July 6, New York: Unlike most titles in this list, I’ve actually re-consumed The West Wing a number of times. I discovered the series late, long after its run on television. I watched it for the first time in the summer of 2010, when I took some time off to write a novel. Called Drain the Gulf!, this book was steeped in Washington politics and I needed some good background to inform the details of the story. I asked Alexis Madrigal, who was living in DC at the time, for an introduction to someone on the Hill. Instead he introduced me to the Bartlet White House.
It was a good solid binge, that first time through. I rented DVDs and tore through them in the evenings. Jill was away for the summer and I was alone and not working. My daily rhythm was wake up, write, run, lunch, write, West Wing, sleep. But if you chunked that into percentages, time spent on those last two items would have been roughly equal.
Very shortly after that, I introduced Jill to the series and she was hooked. I’ve never seen her so addicted to a show as she was to this one. We started to watch the whole damned thing again. But then a funny thing happened: I left home. I was working in DC for weeks at a stretch and Jill was alone in our SF apartment. So we developed a ritual: we would both rent an episode from the Itunes store and then open a video chat. We’d cue the episodes up to start at exactly the same moment, and then we would watch it together. Half the screen was the White House and half the screen was each other’s faces. We passed a long couple of months that way.
Re-watching this time was like reconnecting with an old friend whose tics and quirks you still remember vividly. Snappy writing, walking and talking, Martin Sheen (how amazing is Martin Sheen?). But also Aaron Sorkin and his ever-beleaguered ladies, who never shine quite as bright as our white male heroes. The show has its flaws, but it is incredible television.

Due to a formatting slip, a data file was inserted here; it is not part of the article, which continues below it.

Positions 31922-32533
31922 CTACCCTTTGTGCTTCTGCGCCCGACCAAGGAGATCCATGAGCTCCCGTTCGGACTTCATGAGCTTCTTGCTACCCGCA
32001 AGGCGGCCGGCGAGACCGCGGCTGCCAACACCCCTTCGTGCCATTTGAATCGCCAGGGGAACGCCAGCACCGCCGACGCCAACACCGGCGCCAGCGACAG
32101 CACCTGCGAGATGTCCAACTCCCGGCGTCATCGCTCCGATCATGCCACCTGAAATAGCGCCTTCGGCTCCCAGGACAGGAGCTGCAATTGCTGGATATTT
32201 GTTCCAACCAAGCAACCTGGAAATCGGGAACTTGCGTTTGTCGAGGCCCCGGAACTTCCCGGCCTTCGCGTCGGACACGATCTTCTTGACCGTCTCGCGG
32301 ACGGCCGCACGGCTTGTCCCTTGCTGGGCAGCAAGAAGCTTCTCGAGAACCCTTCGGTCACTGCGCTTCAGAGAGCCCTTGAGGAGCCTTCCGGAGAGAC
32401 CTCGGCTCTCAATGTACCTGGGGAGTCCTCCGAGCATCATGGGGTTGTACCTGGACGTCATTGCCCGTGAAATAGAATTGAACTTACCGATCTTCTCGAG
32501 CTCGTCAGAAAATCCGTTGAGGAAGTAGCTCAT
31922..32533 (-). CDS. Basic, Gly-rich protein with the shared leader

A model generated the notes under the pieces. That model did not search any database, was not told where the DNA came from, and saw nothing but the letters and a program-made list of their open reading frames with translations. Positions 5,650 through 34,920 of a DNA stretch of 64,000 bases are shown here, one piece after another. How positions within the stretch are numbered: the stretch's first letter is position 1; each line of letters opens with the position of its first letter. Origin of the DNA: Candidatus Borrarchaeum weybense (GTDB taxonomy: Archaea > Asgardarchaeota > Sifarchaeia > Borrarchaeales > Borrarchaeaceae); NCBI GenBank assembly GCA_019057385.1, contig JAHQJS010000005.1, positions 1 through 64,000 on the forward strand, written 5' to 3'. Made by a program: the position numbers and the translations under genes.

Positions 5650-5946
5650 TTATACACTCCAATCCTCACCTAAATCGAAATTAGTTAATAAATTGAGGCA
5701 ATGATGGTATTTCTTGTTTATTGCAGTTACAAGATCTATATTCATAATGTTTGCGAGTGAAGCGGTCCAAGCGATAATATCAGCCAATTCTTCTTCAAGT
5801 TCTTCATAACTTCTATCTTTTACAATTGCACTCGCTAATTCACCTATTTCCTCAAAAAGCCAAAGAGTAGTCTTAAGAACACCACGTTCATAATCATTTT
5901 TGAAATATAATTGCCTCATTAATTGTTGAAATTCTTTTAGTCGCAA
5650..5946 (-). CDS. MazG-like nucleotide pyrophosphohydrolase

In addition to providing me atmospheric source material for Drain the Gulf, The West Wing has also proven to be a fount of other cultural notes. West Wing Twitter is one of the most incredible phenomenon I’ve ever stumbled across. Fan-created character accounts who dwell and interact in a parallel universe in a Santos Administration. A community of anonymous individuals behind familiar faces who are so knowledgable about the inner workings of our government, one has to assume they are employed in it. I am fairly certain at least a few have worked in the Obama White House.
And then there’s the fascinating parallel between the Obama White House and the Bartlet White House. Two moderate Democrats of high intellect but incremental achievement. The smart, idealistic young brains who swept into the White House in 2008 were the core audience of The West Wing when it was on television. Hundreds of people convinced they were the next Sam Seaborn or Josh Lyman. And has the incrementalism of the Obama White House been a self-fulfilling prophecy? The Bartlet Administration was hemmed into only moderate action by the challenges of script-writing a parallel world: they couldn’t diverge too far from our existing world or else they’d lose the audience (no FDR “New Deals” from Jed Bartlet), so the show became about process. Did that process-focused view of holding power provide a roadmap to the bright young things of the Obama Administration?
This one you can actually just watch on the Netflix. (That’s right, the whole thing!)